Last weekend I went on a road trip to Los Angeles, ostensibly for a new comic book launch party, but it turned into a full-on tour of some of the greatest comic stores in LA. Driving all day to go to a party in Los Angeles would be excessive, even to me. However, this wasn’t just a trip for a party, but also a bit of a fact-finding mission. Despite living in California for years I haven’t spent much time exploring southern California, so this seemed like a good opportunity to do so. Driving in on Friday to attend a fundraising party for a youth theater group (possibly the only non-comic book related activity I engaged in all weekend), this left me the whole day on Saturday to roam Los Angeles and have my friend Mike Romo show me the important sights – the comic book stores. Now I don’t think this was the plan, but we visited five different comic book stores in one day. It just worked out that way because each neighborhood had a completely different comic book store and each store became somewhat emblematic of the general feel of the area itself. It never stopped being interesting to look around at the different stock and talk to the different owners.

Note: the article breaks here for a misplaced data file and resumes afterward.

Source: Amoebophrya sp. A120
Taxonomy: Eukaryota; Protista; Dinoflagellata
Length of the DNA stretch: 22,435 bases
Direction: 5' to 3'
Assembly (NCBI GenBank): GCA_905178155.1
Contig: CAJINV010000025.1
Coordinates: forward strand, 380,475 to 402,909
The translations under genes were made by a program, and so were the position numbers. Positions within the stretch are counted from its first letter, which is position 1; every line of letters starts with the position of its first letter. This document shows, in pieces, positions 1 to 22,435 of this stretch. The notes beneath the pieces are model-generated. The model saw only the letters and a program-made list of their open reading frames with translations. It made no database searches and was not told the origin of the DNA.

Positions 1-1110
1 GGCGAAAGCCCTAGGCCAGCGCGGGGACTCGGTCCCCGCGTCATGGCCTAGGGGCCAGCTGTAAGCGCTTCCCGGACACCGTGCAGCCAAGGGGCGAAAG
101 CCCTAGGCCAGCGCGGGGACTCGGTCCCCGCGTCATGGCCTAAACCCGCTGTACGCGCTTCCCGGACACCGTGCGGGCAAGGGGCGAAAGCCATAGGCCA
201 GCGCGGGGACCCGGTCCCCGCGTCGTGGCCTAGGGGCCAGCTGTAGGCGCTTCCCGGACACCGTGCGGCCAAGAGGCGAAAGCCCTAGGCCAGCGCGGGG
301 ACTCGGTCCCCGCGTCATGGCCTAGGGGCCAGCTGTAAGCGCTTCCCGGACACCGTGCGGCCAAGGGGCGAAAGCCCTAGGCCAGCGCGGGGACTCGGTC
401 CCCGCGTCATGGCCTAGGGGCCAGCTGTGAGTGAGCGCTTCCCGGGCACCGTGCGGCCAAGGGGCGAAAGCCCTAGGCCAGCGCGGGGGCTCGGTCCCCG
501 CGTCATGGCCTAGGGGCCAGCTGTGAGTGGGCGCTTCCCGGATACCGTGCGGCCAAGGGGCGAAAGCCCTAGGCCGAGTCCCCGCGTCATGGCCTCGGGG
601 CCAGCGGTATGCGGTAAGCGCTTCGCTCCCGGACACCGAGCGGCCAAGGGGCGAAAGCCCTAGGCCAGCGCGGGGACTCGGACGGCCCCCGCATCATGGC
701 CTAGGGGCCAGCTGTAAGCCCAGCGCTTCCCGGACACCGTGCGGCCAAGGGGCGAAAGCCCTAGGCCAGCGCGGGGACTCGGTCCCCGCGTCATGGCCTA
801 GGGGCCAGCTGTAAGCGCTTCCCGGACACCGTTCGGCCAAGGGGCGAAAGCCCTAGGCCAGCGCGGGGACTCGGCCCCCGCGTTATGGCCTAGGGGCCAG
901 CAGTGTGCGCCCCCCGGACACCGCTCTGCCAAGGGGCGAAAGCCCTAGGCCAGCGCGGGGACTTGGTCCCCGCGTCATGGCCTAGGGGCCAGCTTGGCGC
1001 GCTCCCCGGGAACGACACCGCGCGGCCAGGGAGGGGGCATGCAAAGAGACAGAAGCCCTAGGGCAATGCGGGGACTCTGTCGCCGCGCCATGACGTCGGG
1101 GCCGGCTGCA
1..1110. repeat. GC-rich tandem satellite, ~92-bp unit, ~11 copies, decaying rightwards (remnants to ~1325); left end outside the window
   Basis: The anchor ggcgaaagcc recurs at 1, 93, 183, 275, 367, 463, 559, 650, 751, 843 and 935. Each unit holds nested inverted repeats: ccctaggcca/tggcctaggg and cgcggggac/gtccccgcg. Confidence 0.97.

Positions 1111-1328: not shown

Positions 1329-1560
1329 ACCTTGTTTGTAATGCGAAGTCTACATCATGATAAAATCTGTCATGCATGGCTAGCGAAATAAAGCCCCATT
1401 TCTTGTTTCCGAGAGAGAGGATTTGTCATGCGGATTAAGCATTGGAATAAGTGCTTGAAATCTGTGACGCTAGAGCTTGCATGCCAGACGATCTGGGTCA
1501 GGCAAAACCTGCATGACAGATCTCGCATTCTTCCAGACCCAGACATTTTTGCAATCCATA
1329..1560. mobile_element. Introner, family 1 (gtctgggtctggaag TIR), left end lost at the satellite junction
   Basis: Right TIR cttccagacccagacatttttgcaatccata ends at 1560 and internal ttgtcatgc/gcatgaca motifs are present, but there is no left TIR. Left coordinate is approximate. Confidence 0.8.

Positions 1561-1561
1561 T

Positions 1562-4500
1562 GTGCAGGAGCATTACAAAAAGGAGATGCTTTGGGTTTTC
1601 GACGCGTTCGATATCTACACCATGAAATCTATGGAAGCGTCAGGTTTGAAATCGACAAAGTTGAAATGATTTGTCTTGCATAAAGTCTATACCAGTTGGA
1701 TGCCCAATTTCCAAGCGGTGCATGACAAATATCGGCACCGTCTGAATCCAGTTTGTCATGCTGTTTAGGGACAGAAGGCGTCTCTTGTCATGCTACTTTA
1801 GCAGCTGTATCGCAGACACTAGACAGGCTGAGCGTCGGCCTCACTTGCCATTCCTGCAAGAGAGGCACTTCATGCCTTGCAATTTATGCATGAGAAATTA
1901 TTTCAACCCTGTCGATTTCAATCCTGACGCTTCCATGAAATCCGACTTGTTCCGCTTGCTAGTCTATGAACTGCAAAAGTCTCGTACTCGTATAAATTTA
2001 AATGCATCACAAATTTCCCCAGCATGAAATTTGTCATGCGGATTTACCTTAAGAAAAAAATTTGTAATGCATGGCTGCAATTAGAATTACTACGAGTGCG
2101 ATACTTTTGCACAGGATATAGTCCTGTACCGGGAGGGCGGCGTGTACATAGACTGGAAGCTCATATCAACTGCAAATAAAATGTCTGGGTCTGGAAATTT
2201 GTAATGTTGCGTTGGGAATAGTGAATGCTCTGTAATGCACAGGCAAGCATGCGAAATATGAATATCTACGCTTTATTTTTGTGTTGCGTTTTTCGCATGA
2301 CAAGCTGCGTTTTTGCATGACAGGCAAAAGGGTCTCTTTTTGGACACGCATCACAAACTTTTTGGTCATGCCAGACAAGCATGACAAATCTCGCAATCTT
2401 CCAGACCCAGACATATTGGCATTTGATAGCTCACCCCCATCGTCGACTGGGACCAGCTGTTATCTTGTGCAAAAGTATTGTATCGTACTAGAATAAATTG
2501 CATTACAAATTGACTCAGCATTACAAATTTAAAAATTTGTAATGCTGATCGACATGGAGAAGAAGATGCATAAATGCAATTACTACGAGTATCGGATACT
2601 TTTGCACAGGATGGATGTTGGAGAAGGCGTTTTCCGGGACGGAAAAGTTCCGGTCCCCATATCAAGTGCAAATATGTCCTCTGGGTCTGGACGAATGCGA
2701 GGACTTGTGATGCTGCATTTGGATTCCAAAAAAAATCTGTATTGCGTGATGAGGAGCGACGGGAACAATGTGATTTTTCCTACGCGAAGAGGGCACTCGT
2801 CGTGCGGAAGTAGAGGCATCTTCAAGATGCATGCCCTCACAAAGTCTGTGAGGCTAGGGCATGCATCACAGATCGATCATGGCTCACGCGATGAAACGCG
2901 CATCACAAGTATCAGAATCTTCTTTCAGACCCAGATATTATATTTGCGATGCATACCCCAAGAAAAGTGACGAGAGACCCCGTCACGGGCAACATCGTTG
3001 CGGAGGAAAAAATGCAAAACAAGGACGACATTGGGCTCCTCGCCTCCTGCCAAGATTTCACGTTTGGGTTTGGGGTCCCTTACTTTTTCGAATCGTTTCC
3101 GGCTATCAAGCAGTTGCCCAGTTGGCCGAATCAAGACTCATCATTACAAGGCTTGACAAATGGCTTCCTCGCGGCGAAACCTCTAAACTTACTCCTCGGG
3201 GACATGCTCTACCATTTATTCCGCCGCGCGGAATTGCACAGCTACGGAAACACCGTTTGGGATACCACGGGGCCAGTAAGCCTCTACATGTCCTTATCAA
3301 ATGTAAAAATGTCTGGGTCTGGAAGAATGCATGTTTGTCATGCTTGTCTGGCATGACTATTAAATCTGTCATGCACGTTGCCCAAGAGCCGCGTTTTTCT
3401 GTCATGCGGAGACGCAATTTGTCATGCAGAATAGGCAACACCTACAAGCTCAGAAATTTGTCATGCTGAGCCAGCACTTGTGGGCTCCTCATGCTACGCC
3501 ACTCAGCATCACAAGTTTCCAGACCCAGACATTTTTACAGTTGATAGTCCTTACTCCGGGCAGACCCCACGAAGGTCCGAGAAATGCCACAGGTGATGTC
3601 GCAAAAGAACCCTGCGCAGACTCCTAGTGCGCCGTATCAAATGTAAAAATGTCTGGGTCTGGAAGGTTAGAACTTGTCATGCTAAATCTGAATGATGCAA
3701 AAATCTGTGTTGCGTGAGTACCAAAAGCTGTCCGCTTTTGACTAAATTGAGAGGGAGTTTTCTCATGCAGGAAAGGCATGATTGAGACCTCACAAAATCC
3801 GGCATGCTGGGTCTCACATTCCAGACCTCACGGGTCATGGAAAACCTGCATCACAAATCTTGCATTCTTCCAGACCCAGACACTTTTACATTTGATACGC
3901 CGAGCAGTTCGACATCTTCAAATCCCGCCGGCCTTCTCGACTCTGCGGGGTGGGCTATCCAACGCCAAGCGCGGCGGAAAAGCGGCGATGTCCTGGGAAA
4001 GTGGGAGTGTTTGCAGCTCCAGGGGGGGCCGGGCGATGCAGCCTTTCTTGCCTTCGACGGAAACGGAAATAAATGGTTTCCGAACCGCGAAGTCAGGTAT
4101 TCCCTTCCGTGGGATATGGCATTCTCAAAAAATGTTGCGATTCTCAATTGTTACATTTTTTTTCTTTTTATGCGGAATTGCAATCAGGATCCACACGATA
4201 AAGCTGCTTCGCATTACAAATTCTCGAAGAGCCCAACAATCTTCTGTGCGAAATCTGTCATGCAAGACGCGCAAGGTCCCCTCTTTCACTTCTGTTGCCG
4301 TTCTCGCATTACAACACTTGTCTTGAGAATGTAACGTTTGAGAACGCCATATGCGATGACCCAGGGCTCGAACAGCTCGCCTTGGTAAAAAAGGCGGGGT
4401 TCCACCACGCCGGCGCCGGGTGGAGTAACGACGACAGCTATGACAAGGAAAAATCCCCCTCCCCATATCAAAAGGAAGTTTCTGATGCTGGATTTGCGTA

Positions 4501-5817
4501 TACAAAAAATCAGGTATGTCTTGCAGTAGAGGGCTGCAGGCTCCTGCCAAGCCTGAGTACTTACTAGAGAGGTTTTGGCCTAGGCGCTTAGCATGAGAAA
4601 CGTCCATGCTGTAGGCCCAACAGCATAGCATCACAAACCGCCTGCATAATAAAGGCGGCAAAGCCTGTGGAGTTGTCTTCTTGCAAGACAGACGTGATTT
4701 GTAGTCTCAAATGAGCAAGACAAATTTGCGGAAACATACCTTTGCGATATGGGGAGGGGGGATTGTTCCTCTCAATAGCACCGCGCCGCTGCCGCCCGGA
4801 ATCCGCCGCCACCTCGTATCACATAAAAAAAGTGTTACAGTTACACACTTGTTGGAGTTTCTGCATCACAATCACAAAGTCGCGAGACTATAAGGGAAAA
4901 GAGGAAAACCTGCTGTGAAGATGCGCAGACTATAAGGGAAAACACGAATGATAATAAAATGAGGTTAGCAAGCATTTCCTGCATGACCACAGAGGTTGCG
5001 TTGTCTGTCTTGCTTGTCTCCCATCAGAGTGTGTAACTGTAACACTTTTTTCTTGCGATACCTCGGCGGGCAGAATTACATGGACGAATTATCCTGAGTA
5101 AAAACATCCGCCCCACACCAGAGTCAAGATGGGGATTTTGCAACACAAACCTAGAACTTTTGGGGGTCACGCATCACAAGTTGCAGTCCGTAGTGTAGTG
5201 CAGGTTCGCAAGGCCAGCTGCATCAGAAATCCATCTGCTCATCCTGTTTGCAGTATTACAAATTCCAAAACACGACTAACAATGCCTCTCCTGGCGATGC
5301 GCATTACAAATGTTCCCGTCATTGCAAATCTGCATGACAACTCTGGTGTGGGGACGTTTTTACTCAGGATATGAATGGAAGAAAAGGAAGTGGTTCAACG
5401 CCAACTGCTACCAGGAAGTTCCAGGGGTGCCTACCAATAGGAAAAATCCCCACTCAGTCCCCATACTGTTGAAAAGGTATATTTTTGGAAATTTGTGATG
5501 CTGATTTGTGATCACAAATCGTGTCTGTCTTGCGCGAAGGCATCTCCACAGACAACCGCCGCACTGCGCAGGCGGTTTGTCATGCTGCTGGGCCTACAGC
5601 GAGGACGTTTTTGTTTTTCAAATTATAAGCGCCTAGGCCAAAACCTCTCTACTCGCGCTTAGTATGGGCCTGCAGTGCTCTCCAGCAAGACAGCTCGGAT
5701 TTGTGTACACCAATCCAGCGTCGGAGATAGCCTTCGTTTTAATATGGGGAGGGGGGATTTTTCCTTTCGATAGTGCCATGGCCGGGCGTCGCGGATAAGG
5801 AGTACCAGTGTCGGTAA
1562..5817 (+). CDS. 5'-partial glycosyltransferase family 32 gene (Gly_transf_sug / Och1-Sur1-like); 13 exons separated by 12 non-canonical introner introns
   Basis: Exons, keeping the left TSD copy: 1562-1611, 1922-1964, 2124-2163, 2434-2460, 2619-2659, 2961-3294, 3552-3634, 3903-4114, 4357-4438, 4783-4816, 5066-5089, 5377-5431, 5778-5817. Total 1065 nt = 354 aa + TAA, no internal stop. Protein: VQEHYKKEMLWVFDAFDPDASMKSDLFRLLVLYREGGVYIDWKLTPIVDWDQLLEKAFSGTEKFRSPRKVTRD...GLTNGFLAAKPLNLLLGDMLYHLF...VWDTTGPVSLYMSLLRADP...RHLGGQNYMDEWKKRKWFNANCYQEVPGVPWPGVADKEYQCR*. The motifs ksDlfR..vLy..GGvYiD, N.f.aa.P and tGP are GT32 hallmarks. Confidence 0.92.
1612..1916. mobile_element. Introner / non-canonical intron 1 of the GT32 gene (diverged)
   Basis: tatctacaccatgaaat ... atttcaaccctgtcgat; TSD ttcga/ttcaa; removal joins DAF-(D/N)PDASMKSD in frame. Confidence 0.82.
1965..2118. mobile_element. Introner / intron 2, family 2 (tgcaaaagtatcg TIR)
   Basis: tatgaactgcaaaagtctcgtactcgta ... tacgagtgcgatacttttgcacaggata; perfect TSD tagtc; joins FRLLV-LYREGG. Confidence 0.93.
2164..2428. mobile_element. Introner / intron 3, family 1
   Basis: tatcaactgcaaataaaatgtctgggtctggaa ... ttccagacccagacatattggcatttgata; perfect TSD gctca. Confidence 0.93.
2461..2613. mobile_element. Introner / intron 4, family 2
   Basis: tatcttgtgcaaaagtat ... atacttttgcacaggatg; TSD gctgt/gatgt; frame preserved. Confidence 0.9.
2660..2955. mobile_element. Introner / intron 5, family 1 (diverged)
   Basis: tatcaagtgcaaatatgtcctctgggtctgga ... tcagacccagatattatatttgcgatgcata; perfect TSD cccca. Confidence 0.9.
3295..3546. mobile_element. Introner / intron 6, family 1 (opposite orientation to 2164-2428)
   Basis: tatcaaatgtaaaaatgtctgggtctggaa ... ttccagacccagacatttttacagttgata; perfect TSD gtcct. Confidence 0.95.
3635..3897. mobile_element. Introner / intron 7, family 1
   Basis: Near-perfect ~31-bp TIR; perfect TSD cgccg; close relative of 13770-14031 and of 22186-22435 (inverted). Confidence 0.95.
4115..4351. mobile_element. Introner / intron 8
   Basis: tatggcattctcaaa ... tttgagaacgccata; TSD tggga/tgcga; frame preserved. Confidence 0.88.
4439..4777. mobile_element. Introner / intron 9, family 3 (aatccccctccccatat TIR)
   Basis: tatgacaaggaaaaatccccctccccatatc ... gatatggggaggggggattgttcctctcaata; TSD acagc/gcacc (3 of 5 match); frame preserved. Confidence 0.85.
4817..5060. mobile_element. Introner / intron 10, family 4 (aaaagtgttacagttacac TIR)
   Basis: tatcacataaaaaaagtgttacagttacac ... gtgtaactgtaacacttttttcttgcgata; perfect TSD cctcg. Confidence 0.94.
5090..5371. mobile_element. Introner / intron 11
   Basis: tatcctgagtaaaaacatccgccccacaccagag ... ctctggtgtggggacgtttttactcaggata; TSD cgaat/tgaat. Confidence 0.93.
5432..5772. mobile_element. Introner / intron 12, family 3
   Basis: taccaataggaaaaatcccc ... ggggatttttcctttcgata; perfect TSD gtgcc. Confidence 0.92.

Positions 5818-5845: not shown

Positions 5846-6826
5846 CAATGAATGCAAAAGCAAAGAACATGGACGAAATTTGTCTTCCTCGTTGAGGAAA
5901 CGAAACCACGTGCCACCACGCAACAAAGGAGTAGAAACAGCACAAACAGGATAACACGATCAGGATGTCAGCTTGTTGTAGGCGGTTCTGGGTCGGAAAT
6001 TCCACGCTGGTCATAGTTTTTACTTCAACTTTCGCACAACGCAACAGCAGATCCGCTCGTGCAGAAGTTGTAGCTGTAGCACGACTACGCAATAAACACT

First up was DJ’s Universal Comics in Laurel Canyon. This classic comic book store is a little tricky to locate, (or at least it would be if my friends hadn’t said “Just go up the stairs and turn left.”) On the second floor of an outdoor shopping mall/strip thing, a little sign at the bottom or top of the stairs wouldn’t go amiss. I’m not sure if the absence of signage is because the store recently moved from a street level location a little further along Ventura, or it could be because only people who are already in-the-know really need to know about the store. I get the impression from locals that, with the proximity to Studio City, this store already has a pretty loyal clientele. Loyalty is understandable; the store is clean, well-lit and organized, and very much as the feel of a classic comic book store with the talkative, friendly proprietor available for advice and news. The store has breathing room and space for a good little selection of statues and even some unusual jewelry pieces for sale. The owner was approachable, keeping one eye on his mischievous two children in the back while we chatted about recent events in the comic book world and the difficulty of getting his kids to chill out (can you imagine having a dad who owns a comic book store? If that were me, I’d have been the best behaved kid in the world!)